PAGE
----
Gecko catcher!

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concorde
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Gecko catcher!

Postby concorde » Sun Oct 07, 2007 3:28 pm

Just back in the U.K after nearly 4 weeks in Granada.
Arrived home to find all the monster spiders in our village had taken up squatters rights in our absence.
Having served them with an eviction notice, i.e. a tin of fly spray, we can rest easy for a little while.

Luckily as we have a small village house in Spain, we are not plagued with 'wickies' (our term for creepy crawlies), however we do have the occasional small gecko in the house.

Whilst these do not give me the screaming heebie-jeebies, trying to catch one stuck on the bedroom ceiling at 3a.m. does cause a slight problem, especially after a few bevvies at our local.

Enter, my brave hubby armed only with a multi-coloured sheepskin duster and washing up bowl whilst balancing on the bed captured the beast, and safely turfed it out. all this without the aid of a safety net.

Apart from a childrens fishing net, which is not a thng you see in the local shops in inland Spain, any other bright ideas would be welcome.

kexon
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GECKO CATCHER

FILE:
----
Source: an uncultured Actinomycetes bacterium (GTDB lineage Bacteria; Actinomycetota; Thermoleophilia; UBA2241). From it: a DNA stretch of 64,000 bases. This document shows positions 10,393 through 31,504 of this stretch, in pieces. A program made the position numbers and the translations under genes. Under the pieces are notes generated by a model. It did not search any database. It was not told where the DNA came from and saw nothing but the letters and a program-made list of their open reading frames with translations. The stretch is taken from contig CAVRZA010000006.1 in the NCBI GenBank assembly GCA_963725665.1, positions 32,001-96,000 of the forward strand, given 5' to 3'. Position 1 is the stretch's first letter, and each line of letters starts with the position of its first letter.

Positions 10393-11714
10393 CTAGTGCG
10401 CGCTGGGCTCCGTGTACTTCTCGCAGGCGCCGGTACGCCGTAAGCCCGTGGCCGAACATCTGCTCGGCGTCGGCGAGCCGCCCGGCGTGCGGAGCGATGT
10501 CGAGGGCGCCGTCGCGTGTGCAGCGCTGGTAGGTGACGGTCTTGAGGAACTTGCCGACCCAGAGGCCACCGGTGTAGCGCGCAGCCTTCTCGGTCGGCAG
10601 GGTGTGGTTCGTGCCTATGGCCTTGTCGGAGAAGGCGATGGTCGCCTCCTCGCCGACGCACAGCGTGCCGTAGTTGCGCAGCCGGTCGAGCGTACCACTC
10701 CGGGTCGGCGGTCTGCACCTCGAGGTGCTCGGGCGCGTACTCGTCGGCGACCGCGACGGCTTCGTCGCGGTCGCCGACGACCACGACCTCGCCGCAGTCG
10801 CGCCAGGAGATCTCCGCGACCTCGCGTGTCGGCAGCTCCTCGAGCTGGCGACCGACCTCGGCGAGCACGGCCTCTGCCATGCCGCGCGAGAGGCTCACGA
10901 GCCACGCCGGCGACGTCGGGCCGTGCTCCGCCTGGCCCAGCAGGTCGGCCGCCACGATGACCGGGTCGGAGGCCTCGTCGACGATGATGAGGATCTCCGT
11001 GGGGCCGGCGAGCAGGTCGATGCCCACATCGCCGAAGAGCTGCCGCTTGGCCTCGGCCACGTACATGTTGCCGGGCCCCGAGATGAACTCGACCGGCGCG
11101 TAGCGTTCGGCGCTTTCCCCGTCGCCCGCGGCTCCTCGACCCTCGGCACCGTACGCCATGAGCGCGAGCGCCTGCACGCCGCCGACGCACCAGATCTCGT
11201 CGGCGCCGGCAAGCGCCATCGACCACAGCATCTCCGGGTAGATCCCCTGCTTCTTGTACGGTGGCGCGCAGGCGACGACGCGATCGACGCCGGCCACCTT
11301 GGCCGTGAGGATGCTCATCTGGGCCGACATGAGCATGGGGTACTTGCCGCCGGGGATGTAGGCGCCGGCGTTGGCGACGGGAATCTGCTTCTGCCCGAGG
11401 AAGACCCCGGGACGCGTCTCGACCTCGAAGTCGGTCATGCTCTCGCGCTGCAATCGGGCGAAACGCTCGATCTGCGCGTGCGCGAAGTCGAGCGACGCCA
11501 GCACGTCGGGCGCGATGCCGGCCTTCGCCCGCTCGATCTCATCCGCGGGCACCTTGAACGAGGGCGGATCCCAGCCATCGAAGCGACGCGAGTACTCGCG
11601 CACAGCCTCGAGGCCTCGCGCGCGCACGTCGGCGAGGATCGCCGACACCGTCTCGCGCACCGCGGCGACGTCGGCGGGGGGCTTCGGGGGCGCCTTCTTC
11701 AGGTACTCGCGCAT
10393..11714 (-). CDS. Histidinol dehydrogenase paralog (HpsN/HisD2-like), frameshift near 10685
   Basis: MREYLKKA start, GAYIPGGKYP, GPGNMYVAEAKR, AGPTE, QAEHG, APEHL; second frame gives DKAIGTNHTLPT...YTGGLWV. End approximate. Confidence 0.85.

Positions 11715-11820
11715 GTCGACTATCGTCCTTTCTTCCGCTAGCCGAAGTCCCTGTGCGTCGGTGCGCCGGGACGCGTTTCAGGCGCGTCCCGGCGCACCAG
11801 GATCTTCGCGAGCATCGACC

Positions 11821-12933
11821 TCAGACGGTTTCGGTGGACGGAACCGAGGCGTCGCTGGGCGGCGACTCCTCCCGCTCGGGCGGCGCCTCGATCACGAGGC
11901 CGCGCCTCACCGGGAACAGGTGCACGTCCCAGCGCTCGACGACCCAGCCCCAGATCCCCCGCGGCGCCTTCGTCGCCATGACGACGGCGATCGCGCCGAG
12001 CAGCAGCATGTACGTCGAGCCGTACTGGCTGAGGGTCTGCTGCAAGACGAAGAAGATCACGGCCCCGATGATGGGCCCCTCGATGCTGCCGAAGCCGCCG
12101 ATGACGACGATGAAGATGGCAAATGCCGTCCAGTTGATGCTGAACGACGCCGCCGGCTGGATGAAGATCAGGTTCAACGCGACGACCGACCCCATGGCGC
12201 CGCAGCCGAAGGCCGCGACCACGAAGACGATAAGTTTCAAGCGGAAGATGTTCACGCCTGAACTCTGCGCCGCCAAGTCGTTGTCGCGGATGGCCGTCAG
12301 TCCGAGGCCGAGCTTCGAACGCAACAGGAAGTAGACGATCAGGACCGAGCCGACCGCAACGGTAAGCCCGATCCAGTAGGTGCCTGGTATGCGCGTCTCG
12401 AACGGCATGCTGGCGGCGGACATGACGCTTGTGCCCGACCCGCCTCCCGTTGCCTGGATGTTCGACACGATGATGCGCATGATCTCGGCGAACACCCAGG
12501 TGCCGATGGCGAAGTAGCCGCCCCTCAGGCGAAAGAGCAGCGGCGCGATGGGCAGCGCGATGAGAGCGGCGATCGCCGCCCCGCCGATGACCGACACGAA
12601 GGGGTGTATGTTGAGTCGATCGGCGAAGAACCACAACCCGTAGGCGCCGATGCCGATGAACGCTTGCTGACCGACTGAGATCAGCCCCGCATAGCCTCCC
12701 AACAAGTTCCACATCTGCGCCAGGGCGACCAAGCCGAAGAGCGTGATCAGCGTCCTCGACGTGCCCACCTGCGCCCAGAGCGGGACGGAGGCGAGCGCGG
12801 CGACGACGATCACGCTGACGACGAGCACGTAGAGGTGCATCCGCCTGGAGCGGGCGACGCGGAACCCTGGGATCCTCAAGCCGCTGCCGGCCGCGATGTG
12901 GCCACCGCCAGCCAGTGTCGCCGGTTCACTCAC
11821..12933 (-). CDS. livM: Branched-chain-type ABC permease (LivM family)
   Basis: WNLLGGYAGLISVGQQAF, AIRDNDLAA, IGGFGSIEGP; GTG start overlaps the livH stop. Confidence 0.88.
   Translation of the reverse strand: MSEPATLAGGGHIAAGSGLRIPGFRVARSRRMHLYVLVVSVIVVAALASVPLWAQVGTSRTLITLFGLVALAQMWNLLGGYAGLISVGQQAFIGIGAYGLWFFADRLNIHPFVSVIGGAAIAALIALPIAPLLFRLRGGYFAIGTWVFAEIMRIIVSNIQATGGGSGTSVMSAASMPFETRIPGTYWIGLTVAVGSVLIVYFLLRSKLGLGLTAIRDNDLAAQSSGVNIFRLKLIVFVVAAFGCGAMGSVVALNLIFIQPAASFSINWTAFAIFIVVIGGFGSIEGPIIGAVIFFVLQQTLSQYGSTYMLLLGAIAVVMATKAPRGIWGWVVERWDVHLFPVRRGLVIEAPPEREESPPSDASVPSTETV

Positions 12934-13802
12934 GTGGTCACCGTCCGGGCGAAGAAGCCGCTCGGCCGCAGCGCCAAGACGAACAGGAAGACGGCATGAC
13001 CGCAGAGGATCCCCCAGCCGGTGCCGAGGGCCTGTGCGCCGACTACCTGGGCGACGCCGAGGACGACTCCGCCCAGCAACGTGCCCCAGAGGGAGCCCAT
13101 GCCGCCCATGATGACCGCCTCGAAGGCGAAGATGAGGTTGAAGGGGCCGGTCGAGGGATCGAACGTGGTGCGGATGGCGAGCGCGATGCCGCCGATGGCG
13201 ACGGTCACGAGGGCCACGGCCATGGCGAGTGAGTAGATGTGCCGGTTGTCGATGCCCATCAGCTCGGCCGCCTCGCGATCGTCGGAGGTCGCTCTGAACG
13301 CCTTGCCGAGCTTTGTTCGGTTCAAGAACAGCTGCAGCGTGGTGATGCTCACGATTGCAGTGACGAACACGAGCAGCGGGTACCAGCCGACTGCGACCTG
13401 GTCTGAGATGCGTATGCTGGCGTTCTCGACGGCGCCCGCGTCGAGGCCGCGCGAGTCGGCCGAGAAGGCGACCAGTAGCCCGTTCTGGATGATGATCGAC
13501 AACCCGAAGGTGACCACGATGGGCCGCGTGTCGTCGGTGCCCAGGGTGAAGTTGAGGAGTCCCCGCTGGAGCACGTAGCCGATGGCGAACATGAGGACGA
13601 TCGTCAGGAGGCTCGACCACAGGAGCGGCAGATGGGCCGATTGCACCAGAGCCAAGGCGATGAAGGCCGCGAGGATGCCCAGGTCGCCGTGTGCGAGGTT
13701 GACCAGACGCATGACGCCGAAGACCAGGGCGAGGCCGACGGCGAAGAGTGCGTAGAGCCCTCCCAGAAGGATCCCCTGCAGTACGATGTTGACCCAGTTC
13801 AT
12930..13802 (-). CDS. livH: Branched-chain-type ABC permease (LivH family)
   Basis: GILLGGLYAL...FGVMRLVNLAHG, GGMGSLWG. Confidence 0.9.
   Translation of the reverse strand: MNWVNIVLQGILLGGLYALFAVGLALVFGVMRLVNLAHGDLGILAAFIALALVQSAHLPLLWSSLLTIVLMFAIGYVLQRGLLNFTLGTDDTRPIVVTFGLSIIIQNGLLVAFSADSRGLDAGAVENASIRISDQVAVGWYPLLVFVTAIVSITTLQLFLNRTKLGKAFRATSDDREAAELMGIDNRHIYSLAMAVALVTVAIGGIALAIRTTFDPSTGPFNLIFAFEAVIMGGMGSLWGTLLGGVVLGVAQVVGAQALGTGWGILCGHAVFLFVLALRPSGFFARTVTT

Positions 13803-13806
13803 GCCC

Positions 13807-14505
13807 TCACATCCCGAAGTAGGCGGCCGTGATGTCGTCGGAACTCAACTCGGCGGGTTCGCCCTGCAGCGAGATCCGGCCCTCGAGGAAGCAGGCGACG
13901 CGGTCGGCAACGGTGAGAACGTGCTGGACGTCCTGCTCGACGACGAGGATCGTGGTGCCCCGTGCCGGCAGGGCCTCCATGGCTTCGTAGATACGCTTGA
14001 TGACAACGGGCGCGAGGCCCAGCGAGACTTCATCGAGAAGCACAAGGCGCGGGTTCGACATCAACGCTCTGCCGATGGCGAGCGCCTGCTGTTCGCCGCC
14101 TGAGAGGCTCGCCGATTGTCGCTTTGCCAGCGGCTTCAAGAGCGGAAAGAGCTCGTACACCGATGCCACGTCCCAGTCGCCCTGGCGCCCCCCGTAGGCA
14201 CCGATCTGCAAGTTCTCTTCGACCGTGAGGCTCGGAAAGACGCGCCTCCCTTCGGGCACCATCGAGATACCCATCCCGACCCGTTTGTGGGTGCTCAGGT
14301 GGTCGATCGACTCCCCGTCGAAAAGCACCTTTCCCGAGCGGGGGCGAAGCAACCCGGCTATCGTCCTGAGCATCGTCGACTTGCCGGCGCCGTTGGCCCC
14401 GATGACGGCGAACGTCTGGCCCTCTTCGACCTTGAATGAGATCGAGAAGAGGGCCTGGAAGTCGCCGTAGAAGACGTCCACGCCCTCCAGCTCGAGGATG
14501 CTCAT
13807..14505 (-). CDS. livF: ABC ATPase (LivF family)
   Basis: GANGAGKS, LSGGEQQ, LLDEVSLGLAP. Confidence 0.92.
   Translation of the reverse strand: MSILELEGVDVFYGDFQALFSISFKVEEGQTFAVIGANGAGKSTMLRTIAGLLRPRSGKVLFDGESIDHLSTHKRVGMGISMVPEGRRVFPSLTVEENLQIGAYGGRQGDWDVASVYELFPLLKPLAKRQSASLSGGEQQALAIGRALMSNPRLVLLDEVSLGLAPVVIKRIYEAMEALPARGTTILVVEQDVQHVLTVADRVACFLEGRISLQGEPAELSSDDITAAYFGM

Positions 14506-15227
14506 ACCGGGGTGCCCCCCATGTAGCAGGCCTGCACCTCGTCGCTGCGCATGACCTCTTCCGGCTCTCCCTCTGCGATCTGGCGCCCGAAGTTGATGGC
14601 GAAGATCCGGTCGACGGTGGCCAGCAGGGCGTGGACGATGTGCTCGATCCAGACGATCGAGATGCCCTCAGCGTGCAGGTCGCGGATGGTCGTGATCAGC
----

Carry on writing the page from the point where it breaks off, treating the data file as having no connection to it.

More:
Postby kexon » Sun Oct 07, 2007 3:40 pm

Yes, leave the poor things alone, they catch and eat all the bugs I dont like!!

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concorde
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Postby concorde » Sun Oct 07, 2007 3:50 pm

Thanks Kexon, I know they eat flies etc but so do spiders!

Since my hubby read somewhere that over a lifetime of sleeping, at least x many spiders ran in and out of one's mouth, he has become paranoid (so have I!)
Therefore, if a fly flew into one's open mouth whilst sleeping, it stands to reason that said gecko would follow.

I'm starting to sound like the "I knew an old lady that swallowed a fly" song.

So, apart from wearing a divers helmet as a sleeping accessory, I was looking for a humane way of evicting the little darlings, and boy, can they move!

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Gin Monster
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Postby Gin Monster » Sun Oct 07, 2007 6:20 pm

Got to agree with kexon...leave them alone. They eat an adundance of flies and mozzies so should be your best friends. They are very timid and will not approach you...you have nothing to worry about with them...and they are kind of cute in an ugly sort of way :lol:

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pwwm
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Postby pwwm » Sun Oct 07, 2007 6:40 pm

Best things around to keep the flies down and totally harmless never heard of anyone ever having a problem with these cute creatures :lol:

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concorde
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Postby concorde » Sun Oct 07, 2007 6:52 pm

Thanks for replies, I agree they are quite cute and harmless, but the only other living thing I would like in my bedroom would be George Clooney.
I'm always disappointed when a liar's pants don't actually catch on fire.

jane grant

Postby jane grant » Mon Oct 08, 2007 10:50 am